Collective Action digest
22 October 2019
October 2019 collective action trends
- Since Thursday 17 October 2019, 151 collective actions have been mapped, all linked to socio-economic grievances.
- The collective actions that are part of this movement make up, thus far, 43% of the total number of collective actions mapped since the beginning of the year (348).
- Main modes of action employed since the 17th of October consist of:
- Demonstrations (100%)
- Sit-in (12%)
- Road blockade (86%)
- Tire burning (80%)
- Most protesters often employed more than one mode of action during the same mobilisation.
- 86% of the collective actions mapped since the beginning of the year (299 collective actions) were linked to access to socio-economic rights.
Focus on the October Protests: The importance to look at mobilisations in a long-er temporality
On October 17, 2019, numerous protests have spontaneously taken place across the country, all directly linked to access to socio-economic rights, corruption, and policy grievances.
Mainstream reporters and politicians have quickly labelled the mobilisations as “whatsapp” protests, as they were supposedly triggered by cabinet’s decision to tax Voice Over Internet Protocol calls such as Whatsapp, Viber, and Messenger calls. In fact, collective actions rejecting austerity measures, regressive taxes, rising public debt, growing inflation, and deteriorating living conditions have led to ongoing forms of protests, some more visible than others, such as the latest cycle of protest that the country has been witnessing since yesterday.
Observing and mapping collective actions in a long temporality allows to deconstruct generalisations on Lebanon's social mobilisations, and show that people in Lebanon are continuously mobilising, using various modes of action, and in response to a diversity of grievances not merely limited to partisan and/or confessional affiliations.
The accumulation of social and political organising
Indeed, the current mobilisations are *not* new: various groups have been mobilising for years notably around social and economic demands: last year, in 2018 we mapped 179 collective actions (this year witnessed a decrease in the number of collective actions mapped as it coincided with the Parliamentary elections), 419 in 2017, 468 en 2016, 324 in 2015. The main demands have focused on wages and the salary scale, the new rent law, and increasing prices and inflation among others, illustrating the socio-economic difficulties faced by people. In this perspective, these mobilisations are not unexpected, nor surprising.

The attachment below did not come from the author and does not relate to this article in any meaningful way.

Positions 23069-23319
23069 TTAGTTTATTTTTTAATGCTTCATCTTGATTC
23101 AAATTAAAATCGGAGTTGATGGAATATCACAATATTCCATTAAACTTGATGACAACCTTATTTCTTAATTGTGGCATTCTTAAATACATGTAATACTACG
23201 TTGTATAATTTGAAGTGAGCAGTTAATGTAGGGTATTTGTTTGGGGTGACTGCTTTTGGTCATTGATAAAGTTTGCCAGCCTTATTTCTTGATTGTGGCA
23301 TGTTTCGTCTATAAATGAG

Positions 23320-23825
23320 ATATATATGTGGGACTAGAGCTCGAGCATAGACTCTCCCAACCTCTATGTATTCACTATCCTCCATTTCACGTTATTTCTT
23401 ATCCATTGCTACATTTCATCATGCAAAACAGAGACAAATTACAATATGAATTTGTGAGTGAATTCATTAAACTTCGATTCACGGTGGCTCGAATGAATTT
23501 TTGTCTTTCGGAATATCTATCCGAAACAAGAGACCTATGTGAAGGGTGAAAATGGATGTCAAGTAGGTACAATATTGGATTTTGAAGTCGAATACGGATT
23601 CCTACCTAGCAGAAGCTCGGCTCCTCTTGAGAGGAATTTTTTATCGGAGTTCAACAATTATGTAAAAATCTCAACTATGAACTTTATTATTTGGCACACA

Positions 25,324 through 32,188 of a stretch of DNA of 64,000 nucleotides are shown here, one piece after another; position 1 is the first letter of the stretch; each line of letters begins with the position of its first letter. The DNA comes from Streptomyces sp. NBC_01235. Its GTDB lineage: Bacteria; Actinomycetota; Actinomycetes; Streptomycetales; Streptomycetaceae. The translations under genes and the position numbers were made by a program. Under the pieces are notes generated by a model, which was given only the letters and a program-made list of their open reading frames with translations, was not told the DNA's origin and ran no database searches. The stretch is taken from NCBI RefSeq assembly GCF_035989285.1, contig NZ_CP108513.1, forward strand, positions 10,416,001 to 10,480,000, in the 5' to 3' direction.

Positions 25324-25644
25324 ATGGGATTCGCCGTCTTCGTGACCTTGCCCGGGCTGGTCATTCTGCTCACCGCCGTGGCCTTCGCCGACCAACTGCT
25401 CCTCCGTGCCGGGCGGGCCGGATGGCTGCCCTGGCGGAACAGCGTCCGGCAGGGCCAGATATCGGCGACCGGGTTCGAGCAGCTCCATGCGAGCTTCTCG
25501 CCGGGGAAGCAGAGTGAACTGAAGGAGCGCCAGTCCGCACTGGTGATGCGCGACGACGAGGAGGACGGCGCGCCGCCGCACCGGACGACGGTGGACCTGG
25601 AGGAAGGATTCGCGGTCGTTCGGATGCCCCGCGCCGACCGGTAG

Mobilisations cycles and framing protests demands
Moreover, and over the past years, individuals and groups have been mobilising across the country and beyond sectarian divides. While such collective actions have often remained invisible (or less visible), mobilisation cycles in 2011 with the “isqat an nitham al ta’ifi”, and in 2015 on the waste management crisis show a certain continuity in the overarching demands of mobilising actors, around slogans such as “al cha’b yurid isqat al nitham (al ta’ifi)”, or “killun ya’ni killun” (rejecting all political leaders), or demands around accountability including financial and economic accountability and accountability of warlords among others.
In framing the protest movement, and through their slogans, protesters are making direct links between the sectarian consociational regime and the structural economic challenges, as well as the collusion between financial and political interests and the capture of state revenues by the business/political class.
Hence, this contributes to show the accumulation and build up of successive punctual collective actions and movements over time, thus steering away from normative and linear perspectives on these mobilisations, and predictions or expectations on outcomes of the protests.
So far, one of the main outcomes and breakthroughs of this latest mobilisation is that it has contributed to breaking the boundaries of fear and clientelistic and patronages relations with traditional sectarian and political zu’ama, notably in the regions (Tripoli and Tyre, for example).
Ultimately, all these street mobilisations underline the urgency of a new social contract whereby citizens reclaim the Lebanese state. A social contract that is based on social justice, redistributive policies, and progressive taxes.
The Map Of Collective Actions In Lebanon, developed by Lebanon Support, tracks mobilisations across Lebanon by groups of people whose goal is to achieve a common objective.